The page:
Nicole Jowers and her husband Greg live in Gravette, Arkansas. They work to provide their family with farm-raised food. Submitted Photo.
Submitted Photo

Hometown: Gravette, Ark.

Family: Husband Greg; sons Austin (25) and Ayden (17); daughter AveryFaith; two grandchildren

In Town: The majority of Nicole Jowers’ professional career has involved public relations, sales and marketing. Nicole has worked in the private and public sectors, even owning her own PR and marketing business for a while. She said her favorite role was working win the long-term, geriatrics, psychological and hospice care.

“The elderly have always been my sweet spot. I spent more time with my grandparents growing up than I did my parents, so that was my comfort zone.”

In the Country: Nicole grew up in Louisiana, where her paternal grandfather managed the Louisiana State University Hill Research Station. She trailed along with her grandparents and learned about dairy cattle, forages, land management and crops. On the maternal side, her grandparents raised cattle and a large garden each year for decades, which provided enough to support five families until he passed seven years ago. Nicole said the time with her grandfather taught her to be more self-sufficient when it comes to food.  She added her first job was to keep the mule from eating the tops of the corn stocks when working with her grandfather.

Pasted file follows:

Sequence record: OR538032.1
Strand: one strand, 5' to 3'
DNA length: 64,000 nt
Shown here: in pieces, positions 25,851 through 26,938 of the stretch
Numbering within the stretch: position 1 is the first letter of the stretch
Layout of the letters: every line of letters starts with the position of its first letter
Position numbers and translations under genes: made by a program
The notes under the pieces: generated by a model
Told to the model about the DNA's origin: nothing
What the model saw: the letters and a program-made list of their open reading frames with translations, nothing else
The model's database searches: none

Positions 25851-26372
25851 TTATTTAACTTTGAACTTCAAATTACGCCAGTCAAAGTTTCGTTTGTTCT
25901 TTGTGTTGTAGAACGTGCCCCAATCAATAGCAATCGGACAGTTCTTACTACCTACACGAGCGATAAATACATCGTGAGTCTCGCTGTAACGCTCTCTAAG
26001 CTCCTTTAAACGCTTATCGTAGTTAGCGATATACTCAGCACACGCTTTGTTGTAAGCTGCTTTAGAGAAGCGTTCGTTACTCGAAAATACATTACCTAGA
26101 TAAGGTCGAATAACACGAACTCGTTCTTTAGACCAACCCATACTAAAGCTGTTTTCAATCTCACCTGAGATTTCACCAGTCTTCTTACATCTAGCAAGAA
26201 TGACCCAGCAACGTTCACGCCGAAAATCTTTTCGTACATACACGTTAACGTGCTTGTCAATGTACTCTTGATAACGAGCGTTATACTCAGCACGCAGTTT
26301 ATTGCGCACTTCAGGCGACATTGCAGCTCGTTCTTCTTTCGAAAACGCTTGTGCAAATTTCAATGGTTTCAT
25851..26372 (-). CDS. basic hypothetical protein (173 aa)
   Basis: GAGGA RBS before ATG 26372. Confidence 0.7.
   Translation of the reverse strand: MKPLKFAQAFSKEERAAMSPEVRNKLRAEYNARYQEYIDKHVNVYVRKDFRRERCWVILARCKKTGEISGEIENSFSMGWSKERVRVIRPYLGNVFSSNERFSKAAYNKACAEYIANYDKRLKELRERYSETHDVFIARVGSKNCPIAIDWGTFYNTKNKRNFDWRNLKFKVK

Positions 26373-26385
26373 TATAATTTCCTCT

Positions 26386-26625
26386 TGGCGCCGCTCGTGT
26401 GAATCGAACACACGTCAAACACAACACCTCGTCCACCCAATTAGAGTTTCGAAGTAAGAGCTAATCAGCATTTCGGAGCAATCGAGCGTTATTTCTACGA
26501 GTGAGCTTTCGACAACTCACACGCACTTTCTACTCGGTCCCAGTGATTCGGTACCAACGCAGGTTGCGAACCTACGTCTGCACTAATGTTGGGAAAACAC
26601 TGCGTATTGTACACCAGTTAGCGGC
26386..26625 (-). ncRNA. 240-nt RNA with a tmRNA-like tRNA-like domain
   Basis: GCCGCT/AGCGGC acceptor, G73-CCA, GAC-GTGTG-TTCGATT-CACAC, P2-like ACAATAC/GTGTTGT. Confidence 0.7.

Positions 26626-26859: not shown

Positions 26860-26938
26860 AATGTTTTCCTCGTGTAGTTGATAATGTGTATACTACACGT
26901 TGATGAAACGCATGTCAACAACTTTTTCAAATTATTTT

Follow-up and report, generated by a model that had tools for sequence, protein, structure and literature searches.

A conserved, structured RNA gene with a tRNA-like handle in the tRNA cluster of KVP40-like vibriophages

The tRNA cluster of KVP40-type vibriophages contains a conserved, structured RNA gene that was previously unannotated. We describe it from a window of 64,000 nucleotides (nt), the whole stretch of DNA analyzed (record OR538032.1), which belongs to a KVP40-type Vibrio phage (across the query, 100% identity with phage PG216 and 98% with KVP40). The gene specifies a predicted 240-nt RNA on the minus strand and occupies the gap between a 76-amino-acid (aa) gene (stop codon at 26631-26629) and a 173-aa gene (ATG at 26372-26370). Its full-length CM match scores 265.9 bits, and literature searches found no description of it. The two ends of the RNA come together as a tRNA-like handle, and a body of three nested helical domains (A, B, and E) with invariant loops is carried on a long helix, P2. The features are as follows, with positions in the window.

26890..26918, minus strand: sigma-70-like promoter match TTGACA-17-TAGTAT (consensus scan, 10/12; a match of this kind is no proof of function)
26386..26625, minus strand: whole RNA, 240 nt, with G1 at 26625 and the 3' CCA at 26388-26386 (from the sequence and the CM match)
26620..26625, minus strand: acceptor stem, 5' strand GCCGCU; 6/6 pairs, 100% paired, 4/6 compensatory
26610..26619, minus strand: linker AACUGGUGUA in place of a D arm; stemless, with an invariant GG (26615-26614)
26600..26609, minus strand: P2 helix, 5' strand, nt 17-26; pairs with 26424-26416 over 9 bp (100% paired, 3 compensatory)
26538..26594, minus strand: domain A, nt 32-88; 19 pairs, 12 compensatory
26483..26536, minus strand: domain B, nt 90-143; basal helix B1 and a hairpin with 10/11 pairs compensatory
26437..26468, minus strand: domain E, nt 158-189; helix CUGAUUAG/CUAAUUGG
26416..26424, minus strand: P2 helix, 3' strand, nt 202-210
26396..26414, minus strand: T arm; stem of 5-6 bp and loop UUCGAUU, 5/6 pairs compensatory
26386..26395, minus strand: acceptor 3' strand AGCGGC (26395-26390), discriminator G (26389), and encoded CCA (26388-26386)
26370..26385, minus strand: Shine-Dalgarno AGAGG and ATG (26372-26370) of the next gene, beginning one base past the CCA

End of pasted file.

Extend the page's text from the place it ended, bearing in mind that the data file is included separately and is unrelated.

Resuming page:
Today, Nicole and her family work to provide their family with food farm-raised food, including meat from their livestock and produce from their garden, and have a little fun at the same time. 

“I grew up showing beef cattle,” Nicole said. “I went to college on a show team scholarship, I was the Simmental Association Queen, so I’ve always been into showing livestock and farming. When Ayden started showing, it just made sense to continue with that. What steers he shows, we turn around and process for our use. We’re going to eat one anyway, so why not have that one?”

Explaining the circle of showing and that animal coming back to the family as meat to a young Ayden, she said, was difficult, but he understood from an early age.”

She added that by using the show steers for their family, they are also confident in the quality of the meat and know how the animal was cared for prior to processing. 

Nicole’s goals are different from some producers, but she said she’s raising more than livestock and other foods. 

“I’m not here to win the banners or take our livestock to national competitions,” she said. “At the end of the day, it’s about raising children who learn responsibility and compassion for animals, and an understanding of the industry. It’s more about them than it is that ribbon or those prized tomatoes; it’s about keeping them grounded. So many kids their age, so many adults, do not know what’s involved in ag. To me, it’s bringing them back to the basics, giving them, as much as I can, a taste of how I grew up in the 1970s and 80s and understanding that. I don’t think 100 percent self-sufficient, but I like not being worried about going to the grocery store.”


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